A discussion on Univision's Spanish-language "Al Punto" program on Sunday showed how advocates of "comprehensive immigration reform" think they can achieve passage of their legislation this year.
Frank Sharry of America's Voice predicted that a bill would emerge from the Senate Judiciary Committee by April. "In May and June it will be before the full Senate", he said. "We need to come out of the Senate with a bipartisan vote, like 65-35 … . This will send a signal to the lower chamber [the House of Representatives]. If we come out of the Senate with a strong bipartisan vote in the spring, we will have a much better chance to survive."
Katherine Vargas of the National Immigration Forum said that, while a reform bill's prospects in the House of Representatives are "the big unknown", efforts are underway to win over conservatives. "Conservative groups like the evangelicals are applying pressure so that they [Republicans] will say that immigration reform is a political and moral necessity for the Republican Party", Vargas said.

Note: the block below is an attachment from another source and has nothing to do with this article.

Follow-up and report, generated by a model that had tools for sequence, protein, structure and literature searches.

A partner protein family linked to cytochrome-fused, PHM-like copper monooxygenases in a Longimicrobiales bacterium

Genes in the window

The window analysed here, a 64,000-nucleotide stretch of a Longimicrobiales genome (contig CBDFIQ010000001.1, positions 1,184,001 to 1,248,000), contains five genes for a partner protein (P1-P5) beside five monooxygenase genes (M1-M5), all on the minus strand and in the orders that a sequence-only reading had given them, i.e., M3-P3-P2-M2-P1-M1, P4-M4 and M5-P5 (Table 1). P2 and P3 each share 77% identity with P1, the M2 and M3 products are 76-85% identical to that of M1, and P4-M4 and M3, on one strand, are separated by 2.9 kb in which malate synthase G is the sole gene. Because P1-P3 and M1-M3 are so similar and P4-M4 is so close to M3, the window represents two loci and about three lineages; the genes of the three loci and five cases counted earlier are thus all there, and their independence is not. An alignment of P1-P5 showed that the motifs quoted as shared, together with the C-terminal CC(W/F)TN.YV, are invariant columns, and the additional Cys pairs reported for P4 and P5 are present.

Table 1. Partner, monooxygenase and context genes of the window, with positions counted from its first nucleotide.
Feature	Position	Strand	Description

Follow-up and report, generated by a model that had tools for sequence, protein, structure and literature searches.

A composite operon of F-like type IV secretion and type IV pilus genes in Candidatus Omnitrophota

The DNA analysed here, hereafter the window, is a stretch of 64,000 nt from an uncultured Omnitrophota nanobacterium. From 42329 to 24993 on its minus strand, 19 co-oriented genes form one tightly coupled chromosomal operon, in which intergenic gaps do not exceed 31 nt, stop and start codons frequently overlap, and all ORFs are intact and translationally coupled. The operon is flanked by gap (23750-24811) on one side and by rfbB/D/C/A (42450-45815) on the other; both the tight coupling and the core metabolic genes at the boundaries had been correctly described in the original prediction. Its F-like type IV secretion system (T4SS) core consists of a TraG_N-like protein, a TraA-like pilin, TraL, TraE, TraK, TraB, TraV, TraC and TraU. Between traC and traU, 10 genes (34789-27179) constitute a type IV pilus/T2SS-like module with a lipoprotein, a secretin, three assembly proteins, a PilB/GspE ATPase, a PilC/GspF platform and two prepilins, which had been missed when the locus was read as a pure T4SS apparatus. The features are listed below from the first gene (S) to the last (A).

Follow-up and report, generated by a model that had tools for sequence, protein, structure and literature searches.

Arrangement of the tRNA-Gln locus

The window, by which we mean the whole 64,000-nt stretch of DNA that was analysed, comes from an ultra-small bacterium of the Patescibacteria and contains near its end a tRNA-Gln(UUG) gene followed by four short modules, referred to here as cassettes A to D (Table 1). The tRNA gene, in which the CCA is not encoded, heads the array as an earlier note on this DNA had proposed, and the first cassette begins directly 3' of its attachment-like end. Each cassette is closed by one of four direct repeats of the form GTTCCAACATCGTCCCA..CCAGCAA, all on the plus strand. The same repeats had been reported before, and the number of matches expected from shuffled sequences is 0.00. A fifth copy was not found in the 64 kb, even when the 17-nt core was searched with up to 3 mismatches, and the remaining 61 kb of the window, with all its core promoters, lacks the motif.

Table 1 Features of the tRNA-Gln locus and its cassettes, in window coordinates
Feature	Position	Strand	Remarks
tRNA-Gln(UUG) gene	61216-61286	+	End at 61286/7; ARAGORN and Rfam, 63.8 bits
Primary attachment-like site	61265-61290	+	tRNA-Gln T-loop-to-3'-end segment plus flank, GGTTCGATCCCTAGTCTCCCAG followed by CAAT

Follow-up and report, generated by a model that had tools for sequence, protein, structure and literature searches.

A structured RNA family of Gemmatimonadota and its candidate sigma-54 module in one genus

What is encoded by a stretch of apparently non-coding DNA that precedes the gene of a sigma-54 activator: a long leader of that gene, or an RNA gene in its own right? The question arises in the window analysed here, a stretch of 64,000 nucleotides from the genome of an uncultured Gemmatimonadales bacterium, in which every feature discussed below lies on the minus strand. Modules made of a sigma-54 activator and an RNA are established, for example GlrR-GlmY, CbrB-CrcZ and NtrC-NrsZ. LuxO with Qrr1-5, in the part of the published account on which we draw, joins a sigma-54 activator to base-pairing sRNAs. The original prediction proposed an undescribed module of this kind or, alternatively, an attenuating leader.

In a discussion of whether the reform bill would provide not only legalization but also a path to citizenship, host Jorge Ramos noted that many illegal immigrants "tell us, in effect, the only thing I want is to work and not be deported."
Vargas saw the issue as a challenge for Republicans. "It wouldn't be good for the Republican Party to tell Latinos 'no', that they can't get access to citizenship as is the tradition of the nation of immigrants that we are."
Jorge Mario Cabrera of the Coalition for Humane Immigrant Rights of Los Angeles added this: "How are we going to deny a population that is so dynamic, so good for this country, this measure of dignity. Let it be an option, [though] perhaps not everyone will want it."